As a freelancer, I often get asked to work on projects speculatively.
Sometimes the projects go somewhere, sometimes they don’t. I rarely do it as it can be a heartbreaking process when you get invested in a book that reaches a dead-end but it’s all part of the freelance life. I thought it might be nice to share some of the early work I did on a couple of projects that, for various reasons, never went further. I think enough time has passed on both of them that I can share these…
The book I was extremely excited to work on was a comic adaptation of Michelle Alexander’s The New Jim Crow. Those who have read the book will know just how powerful and vital the book is, and I was flattered to be asked to write and draw an adaptation for the publisher with Alexander overseeing it. I had written a rough script and drawn some example pages (see below) but the project ended up going on the indefinite back-burner. The comic was going to be printed in two colours hence the limited palette used here. I can’t recommend the book enough and would also recommend seeking out The House I Live In (a documentary with similar themes, in which Alexander also appears). I’ve not yet watched Ava DuVernay’s 13th on Netflix, but it also looks essential.
I was also asked to illustrate a page for a book about Neuroscience. There are some typos and missing text due to the early draft of the script. In the end, the authors went in a different direction.
“I am honestly one of the good ones.”
Quick summary: A young woman is left as the caretaker of a posh New York brownstone. Is the building haunted and trying to drive her mad?
From the opening scenes, the immediately reminded me of The Innocents and, perhaps most obviously, Repulsion. Polanski is clearly a touchstone for director Mickey Keating here. There are so many similarities to Repulsion is terms of story, themes and aesthetic that it would be tempting to dismiss it as a derivative work – certainly, anyone who has seen Repulsion will know how the film will end. But Keating brings his own directorial flair enough that it comes across more as an inventive love letter to seventies satanic horror than an outright copy. Honestly, I’d love to see more modern directors take their cues this era of horror cinema.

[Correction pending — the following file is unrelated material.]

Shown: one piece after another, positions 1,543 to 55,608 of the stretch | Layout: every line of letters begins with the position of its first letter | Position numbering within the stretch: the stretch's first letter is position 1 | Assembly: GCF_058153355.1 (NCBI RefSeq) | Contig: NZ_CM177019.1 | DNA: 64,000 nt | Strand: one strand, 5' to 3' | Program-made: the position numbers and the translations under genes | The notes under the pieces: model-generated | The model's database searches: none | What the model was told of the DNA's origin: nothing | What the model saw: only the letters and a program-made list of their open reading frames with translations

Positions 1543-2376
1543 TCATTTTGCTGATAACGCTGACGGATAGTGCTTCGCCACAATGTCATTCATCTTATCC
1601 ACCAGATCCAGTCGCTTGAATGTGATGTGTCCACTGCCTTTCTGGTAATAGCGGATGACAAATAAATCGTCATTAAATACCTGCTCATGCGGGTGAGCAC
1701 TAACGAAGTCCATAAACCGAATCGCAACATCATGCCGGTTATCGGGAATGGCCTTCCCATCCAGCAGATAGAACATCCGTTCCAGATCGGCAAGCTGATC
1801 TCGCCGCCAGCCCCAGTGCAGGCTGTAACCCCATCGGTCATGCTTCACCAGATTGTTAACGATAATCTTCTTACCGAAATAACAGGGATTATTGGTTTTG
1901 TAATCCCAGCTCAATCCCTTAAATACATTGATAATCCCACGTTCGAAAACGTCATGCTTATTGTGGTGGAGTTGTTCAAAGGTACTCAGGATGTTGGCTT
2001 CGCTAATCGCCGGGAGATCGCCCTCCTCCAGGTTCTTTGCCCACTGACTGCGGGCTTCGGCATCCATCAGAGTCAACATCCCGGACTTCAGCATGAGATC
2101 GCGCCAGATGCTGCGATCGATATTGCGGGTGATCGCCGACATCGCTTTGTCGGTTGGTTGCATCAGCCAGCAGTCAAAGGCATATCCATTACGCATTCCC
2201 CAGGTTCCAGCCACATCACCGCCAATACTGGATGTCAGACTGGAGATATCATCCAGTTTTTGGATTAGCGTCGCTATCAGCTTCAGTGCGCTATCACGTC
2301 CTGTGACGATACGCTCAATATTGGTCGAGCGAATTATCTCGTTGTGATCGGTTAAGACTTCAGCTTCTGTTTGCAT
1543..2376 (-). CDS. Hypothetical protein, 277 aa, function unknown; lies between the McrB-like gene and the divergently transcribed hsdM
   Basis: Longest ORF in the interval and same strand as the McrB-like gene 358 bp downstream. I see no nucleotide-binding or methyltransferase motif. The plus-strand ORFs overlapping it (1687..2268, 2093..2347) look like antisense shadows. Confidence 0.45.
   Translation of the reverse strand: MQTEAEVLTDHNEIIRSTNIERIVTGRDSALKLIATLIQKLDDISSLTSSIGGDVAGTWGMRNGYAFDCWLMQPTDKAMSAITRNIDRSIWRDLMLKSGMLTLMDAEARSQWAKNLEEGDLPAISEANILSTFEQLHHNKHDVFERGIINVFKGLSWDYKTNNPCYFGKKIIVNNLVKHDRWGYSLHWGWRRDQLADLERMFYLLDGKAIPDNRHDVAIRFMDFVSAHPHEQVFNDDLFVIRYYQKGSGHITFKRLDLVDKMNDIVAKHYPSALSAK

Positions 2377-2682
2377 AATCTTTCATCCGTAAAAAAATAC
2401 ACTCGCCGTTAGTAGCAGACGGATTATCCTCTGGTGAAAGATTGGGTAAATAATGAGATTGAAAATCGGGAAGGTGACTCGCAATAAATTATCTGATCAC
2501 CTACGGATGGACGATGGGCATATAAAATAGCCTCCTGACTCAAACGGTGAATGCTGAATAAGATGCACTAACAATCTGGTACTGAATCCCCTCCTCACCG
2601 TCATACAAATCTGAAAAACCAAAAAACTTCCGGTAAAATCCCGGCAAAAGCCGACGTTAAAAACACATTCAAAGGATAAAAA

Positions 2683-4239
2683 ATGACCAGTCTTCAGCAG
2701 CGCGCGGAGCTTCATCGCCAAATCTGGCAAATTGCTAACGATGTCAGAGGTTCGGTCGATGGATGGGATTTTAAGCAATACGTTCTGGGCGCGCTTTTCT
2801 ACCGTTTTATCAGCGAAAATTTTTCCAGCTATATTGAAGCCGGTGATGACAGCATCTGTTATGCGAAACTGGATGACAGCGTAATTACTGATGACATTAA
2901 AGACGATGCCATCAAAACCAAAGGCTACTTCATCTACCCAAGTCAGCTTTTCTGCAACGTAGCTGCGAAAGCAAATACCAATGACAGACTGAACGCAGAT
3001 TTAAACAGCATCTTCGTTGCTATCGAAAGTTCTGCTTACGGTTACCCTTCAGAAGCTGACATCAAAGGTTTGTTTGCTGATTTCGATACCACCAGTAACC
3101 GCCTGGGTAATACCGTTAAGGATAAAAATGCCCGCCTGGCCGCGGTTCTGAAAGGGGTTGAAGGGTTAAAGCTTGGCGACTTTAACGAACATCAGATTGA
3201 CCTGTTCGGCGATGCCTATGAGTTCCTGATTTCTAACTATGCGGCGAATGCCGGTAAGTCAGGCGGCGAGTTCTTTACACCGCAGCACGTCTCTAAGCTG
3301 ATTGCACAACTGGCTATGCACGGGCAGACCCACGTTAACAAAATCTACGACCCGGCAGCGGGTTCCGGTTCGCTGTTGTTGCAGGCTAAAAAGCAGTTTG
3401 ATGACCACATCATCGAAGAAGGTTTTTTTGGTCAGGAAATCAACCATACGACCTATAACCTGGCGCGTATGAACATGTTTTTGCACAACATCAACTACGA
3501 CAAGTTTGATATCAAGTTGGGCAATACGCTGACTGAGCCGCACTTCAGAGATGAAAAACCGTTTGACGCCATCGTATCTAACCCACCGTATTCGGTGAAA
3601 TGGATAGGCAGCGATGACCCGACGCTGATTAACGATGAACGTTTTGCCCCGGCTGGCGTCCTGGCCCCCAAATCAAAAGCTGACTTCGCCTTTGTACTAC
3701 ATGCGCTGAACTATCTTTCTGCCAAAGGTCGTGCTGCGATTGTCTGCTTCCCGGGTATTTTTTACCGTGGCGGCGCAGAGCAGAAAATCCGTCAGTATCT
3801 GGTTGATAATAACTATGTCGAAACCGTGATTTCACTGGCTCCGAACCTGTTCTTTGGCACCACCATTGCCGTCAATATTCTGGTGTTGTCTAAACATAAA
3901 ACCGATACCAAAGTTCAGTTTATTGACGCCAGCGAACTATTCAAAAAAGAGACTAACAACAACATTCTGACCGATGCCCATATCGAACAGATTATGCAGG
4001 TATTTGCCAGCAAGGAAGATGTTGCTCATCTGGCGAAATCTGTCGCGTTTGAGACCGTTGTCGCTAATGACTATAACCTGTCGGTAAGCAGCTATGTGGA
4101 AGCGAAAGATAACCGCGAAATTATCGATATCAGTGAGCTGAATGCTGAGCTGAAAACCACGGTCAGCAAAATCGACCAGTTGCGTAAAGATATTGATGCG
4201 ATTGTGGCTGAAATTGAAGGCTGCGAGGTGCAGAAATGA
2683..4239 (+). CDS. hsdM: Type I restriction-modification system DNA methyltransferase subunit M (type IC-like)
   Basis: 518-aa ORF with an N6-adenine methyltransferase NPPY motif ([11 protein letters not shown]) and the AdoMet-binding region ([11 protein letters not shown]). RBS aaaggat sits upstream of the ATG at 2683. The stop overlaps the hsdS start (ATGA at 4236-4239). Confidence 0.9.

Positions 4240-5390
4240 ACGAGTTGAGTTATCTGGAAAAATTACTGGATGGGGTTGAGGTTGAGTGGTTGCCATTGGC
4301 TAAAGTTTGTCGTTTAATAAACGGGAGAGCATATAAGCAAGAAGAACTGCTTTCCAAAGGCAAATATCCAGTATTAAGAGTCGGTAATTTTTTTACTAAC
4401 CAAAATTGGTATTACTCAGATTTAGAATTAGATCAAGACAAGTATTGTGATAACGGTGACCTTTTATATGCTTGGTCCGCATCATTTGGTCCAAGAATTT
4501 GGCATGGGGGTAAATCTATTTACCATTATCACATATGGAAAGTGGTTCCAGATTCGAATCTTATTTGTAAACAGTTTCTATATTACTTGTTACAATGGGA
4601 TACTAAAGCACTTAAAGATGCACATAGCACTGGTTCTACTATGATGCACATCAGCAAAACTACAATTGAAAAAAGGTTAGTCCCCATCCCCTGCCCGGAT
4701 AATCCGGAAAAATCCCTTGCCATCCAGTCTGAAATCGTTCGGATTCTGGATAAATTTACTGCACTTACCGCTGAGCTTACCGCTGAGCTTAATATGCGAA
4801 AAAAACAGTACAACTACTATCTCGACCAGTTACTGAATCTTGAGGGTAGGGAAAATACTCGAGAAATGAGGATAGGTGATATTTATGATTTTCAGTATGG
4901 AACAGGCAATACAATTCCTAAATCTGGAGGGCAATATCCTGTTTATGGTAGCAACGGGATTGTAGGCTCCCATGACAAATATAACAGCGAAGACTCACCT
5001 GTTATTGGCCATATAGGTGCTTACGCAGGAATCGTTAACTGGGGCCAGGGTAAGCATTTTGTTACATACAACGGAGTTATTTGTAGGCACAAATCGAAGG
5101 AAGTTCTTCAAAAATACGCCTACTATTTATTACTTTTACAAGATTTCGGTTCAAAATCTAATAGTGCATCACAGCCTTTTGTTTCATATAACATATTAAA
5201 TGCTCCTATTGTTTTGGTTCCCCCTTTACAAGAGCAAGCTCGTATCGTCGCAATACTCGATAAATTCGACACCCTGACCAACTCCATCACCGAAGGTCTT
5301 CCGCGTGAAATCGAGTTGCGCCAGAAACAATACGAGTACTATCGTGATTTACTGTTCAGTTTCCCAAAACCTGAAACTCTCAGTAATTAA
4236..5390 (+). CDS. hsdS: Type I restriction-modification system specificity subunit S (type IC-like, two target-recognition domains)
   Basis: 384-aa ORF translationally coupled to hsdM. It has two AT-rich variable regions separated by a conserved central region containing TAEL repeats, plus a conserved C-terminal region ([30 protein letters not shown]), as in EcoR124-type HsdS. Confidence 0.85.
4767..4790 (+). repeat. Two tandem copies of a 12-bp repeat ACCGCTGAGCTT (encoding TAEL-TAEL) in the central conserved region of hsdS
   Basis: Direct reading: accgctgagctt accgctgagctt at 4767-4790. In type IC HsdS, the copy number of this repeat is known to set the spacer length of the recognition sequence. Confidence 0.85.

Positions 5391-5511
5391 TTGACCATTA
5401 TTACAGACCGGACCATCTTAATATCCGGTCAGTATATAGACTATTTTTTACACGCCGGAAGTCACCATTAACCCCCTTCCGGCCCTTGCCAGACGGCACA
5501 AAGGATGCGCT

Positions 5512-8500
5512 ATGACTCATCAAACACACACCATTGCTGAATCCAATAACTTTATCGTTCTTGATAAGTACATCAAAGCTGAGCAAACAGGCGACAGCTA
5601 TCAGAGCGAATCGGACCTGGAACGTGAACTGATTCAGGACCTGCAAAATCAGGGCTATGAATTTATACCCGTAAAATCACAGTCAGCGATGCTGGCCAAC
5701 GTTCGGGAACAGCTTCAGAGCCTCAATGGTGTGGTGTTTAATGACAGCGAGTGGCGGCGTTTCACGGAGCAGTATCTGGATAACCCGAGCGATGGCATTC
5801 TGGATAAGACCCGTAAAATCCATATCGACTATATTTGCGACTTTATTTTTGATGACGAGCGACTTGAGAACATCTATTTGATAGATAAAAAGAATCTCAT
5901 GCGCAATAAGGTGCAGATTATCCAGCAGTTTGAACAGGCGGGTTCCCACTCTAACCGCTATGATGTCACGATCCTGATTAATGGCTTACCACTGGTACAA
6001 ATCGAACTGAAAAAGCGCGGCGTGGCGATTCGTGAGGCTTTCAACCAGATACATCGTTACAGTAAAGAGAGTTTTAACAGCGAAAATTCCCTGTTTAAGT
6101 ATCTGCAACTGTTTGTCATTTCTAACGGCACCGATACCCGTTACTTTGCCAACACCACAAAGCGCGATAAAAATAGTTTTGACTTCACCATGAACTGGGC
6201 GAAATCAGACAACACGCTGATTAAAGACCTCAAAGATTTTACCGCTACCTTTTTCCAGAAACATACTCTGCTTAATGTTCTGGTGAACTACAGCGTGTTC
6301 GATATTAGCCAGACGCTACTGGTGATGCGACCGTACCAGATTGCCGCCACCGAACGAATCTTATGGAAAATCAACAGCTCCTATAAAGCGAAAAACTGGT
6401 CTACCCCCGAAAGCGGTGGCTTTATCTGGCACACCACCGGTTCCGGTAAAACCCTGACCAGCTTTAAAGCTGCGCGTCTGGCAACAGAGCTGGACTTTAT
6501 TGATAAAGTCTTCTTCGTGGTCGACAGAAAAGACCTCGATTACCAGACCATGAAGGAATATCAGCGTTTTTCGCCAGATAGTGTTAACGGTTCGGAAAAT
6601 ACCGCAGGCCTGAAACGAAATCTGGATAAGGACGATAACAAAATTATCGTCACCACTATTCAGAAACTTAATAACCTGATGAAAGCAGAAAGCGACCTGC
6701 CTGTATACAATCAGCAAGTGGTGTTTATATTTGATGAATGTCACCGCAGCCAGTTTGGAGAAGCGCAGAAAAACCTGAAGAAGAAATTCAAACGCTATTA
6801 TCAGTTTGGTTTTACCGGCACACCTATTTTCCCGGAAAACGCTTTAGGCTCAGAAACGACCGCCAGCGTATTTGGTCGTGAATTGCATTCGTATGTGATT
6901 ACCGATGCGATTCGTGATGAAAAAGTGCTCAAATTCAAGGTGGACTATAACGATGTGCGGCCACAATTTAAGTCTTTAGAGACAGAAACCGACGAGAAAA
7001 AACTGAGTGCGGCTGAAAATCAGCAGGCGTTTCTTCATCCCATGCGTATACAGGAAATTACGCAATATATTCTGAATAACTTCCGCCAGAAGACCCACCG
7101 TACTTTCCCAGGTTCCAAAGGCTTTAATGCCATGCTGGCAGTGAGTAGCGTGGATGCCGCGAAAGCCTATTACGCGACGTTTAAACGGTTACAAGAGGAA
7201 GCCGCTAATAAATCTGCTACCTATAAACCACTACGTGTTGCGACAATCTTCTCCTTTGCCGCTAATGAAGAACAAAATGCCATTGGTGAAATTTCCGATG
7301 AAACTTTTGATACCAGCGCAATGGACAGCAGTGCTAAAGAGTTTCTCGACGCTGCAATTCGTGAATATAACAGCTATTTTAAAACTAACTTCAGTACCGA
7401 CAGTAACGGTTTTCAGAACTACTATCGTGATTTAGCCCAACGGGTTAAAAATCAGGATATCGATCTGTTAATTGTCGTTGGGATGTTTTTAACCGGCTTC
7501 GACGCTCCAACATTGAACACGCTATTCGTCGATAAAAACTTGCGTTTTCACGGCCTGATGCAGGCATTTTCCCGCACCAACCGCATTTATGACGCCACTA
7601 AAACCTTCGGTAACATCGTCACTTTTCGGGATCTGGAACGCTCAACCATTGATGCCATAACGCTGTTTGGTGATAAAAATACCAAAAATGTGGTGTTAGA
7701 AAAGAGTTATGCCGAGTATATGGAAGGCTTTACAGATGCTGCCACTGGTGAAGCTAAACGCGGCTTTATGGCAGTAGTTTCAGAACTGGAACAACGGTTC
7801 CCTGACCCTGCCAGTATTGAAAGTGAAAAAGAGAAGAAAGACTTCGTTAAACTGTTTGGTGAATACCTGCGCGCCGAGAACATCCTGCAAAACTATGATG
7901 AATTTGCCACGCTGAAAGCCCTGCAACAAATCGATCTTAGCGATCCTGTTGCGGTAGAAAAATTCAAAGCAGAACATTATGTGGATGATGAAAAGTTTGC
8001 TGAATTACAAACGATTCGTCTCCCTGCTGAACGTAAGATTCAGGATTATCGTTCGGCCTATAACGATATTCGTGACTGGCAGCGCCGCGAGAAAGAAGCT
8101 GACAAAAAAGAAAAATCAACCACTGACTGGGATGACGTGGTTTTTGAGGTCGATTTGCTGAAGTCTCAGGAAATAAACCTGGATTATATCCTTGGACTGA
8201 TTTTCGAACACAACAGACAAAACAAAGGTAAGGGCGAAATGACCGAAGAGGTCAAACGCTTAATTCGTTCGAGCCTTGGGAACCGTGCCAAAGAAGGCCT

I enjoyed Keating’s previous film Pod – another tense psychological horror that played with a lot of the same ideas as Friedkin’s Bug. He uses some similar techniques from his first film here (subtle strobe effects, disturbing sound design, off-putting editing) and I think this film cements his reputation as one of the most interesting horror directors working today. I need to seek out his most recent film – Carnage Park.
Lauren Ashley Carter, who also appeared in Pod (as well as Jug Face/The Pit – which also starred Sean Young who has a cameo in Darling) is excellent as the unnamed protagonist (“You didn’t even ask me my name.”). She has to carry the film almost entirely without dialogue and she makes it look easy.
I liked the six title cards introducing each chapter – the playful typography and timing of them added a much needed element of (black) humour to the film.
Also enjoyed the non-specific era the film is set in – no modern signifiers and the music and clothing is well chosen to allow the film to have a timeless quality.
It’s a Glass Eye Pix film so – Larry Fessenden cameo time!
I also watched:
“Victoria. Come. Mama.”
Quick summary: Two children go missing due to some plot, only for them to be discovered five years later. Having lived in the woods all this time. When they’re taken in by their Uncle (Jamie Lannister) and his partner (Jessica Chastain), it becomes apparent that whatever took care of them is still around – and they call it “mama”.
I was absolutely in the mood for a decent ghost story horror film this week and this didn’t disappoint. Directed by Spanish filmmaker Andres Muschietti based on his short of the same name (it’s here and only two mins of your time), and exec produced by Guillermo Del Toro. This has the ambitions of The Orphanage in terms of delivering a solid ghost story with heart and soul – and while it isn’t as successful as The Orphanage, it’s in the same spirit.